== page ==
In palmistry, a person’s personality traits, talents and interests are revealed through the topography of his or her hands. Amelia Earhart, born July 24, 1897, had her palm prints analyzed by palmist Nellie Simmons Meier four years before her mysterious disappearance. According to Meier’s analysis, the length and breadth of the famed aviator’s palm indicated a love of physical activity and a strong will. Earhart’s long fingers not only showed her conscientious attention to detail and pursuit of perfection but also revealed her ambitious yet rational nature. Her palm further reflected the reasoned and logistical manner of someone who considers all possibilities before making a decision.
Meier prepared Earhart’s palm print an analysis on June 28, 1933, and you can read it here, as part of the Library’s American Memory collections.
“There is a wide stretch between her thumbs and fingers and between the fingers themselves which, coupled with the shape of the nails, is indicative of an impatience over restraining influence either from individuals or the conventionalities of social life. The diplomacy indicted by the little finger enables her to conform to such restrictions for a certain period, and then the urge for physical and mental activity becomes so strong that she seeks escape by a flight in her plane,” wrote Meier in her 1937 book, “Lions’ Paws: The Story of Famous Hands.”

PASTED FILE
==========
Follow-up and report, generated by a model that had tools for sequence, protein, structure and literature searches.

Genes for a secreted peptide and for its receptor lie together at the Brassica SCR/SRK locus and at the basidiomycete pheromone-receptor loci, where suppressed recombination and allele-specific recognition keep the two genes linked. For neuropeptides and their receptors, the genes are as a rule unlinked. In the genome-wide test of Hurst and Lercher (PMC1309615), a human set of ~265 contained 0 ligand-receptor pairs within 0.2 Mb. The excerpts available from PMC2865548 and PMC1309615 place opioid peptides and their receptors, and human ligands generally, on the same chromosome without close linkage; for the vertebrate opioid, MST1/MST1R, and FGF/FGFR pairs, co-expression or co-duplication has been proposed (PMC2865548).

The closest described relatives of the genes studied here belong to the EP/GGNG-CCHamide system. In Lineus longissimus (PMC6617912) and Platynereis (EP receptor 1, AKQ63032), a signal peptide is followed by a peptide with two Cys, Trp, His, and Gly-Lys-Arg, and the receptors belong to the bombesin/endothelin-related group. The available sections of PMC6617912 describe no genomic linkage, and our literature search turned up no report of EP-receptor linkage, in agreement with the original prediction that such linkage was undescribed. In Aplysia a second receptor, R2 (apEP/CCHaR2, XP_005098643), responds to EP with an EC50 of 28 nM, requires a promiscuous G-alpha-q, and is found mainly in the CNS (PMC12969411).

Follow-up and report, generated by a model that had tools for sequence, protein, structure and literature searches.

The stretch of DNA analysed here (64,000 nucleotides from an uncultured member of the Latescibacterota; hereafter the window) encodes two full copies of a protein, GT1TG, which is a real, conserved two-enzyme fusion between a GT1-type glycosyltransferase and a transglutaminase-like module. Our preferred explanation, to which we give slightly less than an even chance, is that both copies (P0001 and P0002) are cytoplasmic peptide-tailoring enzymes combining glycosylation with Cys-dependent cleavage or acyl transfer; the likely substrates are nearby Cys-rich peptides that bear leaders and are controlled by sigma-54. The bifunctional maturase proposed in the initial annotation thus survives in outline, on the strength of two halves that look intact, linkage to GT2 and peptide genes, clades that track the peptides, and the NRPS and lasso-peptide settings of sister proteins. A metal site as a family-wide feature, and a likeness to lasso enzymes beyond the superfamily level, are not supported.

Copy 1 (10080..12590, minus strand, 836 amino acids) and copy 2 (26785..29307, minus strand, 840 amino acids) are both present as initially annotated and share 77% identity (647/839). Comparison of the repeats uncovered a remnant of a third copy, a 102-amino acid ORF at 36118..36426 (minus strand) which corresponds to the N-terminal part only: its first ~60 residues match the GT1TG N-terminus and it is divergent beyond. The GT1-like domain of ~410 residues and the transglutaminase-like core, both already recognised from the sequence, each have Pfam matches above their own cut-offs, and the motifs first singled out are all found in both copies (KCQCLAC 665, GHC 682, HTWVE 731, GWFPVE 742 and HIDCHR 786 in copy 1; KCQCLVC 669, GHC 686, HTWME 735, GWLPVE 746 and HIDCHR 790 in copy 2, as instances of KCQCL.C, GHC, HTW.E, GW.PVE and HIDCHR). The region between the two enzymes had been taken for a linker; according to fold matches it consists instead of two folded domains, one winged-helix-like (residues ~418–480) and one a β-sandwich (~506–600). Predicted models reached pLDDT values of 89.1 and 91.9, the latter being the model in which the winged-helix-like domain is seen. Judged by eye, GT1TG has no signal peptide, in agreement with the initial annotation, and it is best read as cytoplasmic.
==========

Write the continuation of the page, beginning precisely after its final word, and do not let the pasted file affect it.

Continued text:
The digital collections of the Library of Congress contain a wide variety of material associated with Lady Lindy, including manuscripts, photographs and books. This handy guide compiles all the available resources pooled from several Library divisions and collections.
Meier donated her papers to the Library, and the collection includes autographed original palm prints, autographed photographs and character sketches of 135 well-known individuals, including Walt Disney, Susan B. Anthony, George Gerswhin, Mary Pickford and Booker T. Washington.